“It was really like how you would meet your best friend. You just relate and click with each other from the start, and you believe in one another. This was how our collaboration started and have continued to be. We just decided to try our best to create the love that we love creating. The rest is history.”
About their latest audio-visual venture, It Was All A Dream.
“It’s All A Dream, this title, when you hear about it, it’s such a literal title. And it’s kind of deliberately so, because I wanted to create that experience where you can escape to. But it’s also metaphorical, as in my description, it’s a reflection, it’s kind of like holding up a blurry mirror to one’s past, present and future. So that’s what you say, it felt like a dream.”
About the reaction from the audience and how it differs from the last exhibition.
“We really wanted it to be different (from OH! Secret Garden), before I announced everything, people who had come to the first show, they were saying, oh is it going to be mirrors again? And I think no, I hope not, because I do want people to understand that the works will always be, should be different, because as an artist or as a creator you want to always challenge people and yourself.”
“It Was All A Dream was deliberately more abstract than our first one, there’s no storyline, not even a motif that you can attach your experience to. And it’s important that we don’t imply a specific meaning to the work. People have said, oh I dreamt about my late family member because of what I saw, or that it reminded them of the circle of life, and we had no control over that. But we knew that we wanted to create a work that people can relate to. And so the audience’s reaction became so important because of that. So when they’re in here taking photos, taking videos, or just sitting here being reflective, they’re participating in the work. And so it’s them reacting to the work.”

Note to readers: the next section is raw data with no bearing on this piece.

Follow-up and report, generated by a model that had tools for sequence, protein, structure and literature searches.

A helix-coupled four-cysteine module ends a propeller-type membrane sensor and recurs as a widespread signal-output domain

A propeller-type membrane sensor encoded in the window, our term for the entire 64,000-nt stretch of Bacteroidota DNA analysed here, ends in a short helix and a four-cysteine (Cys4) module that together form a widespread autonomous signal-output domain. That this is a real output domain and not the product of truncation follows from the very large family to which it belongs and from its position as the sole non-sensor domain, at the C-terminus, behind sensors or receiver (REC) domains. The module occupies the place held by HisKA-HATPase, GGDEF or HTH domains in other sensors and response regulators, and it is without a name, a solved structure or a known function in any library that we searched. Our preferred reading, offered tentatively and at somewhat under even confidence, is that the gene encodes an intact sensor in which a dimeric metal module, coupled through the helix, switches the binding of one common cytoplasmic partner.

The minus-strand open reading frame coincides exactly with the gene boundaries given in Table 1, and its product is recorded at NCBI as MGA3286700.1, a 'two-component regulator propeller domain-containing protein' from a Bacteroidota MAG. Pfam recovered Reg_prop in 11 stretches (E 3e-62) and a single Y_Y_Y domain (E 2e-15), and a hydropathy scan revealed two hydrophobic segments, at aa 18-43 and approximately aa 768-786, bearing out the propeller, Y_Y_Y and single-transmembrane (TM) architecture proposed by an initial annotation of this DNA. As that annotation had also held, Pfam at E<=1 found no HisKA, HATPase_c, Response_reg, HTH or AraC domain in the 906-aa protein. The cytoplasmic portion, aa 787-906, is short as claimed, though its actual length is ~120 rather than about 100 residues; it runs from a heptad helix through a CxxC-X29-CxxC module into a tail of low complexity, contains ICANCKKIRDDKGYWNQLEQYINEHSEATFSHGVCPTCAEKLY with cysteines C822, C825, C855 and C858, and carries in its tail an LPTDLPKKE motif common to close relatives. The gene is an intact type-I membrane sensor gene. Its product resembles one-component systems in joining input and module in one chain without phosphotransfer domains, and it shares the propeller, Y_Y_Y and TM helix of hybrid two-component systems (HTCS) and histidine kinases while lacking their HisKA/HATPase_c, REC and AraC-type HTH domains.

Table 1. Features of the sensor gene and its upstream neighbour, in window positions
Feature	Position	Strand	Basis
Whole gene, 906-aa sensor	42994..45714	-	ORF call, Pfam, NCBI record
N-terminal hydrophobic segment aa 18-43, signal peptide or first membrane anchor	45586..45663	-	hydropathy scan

About the local audience.
“With the first, last year, that’s why I was so nervous. I thought I was going to something too out of this world that people would just look at me like I’m weird! Most of them were a young audience who came in, and they were so curious, and that gave me a very clear and interesting glimpse into the fact that even though it’s an infant audience, it’s an audience who has the capacity to understand. Even if they don’t understand it, they have the curiosity. Curiosity is always important in anything we do.”
In handling the balance between putting out an installation that is both completely honest and accessible.
“We always say we can’t be too into ourselves. When you go through the process, and this is what I want to express, I’m sure there are people in the world who understand that. Because I’m still human, and the people that come into your space are human, and you must be brace, I learned that you must be brave with what you want to express. And the balance, I just hope that people wouldn’t be scared away. And if they’re scared away, I just have to respect that.”
“I don’t put out these sort of works thinking that everyone would receive it warmly. But I just hope that it gives someone, some sort of enlightenment. It’s why we want to create, why we want to express. I just hope, like most people in the industry, we just hope that what we do is meaningful enough to carry on.”
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Portions of this interview have been edited and condensed for clarity. This article first appeared in the January-March 2019 “Art of Borneo” issue of Borneo Insider’s Guide magazine.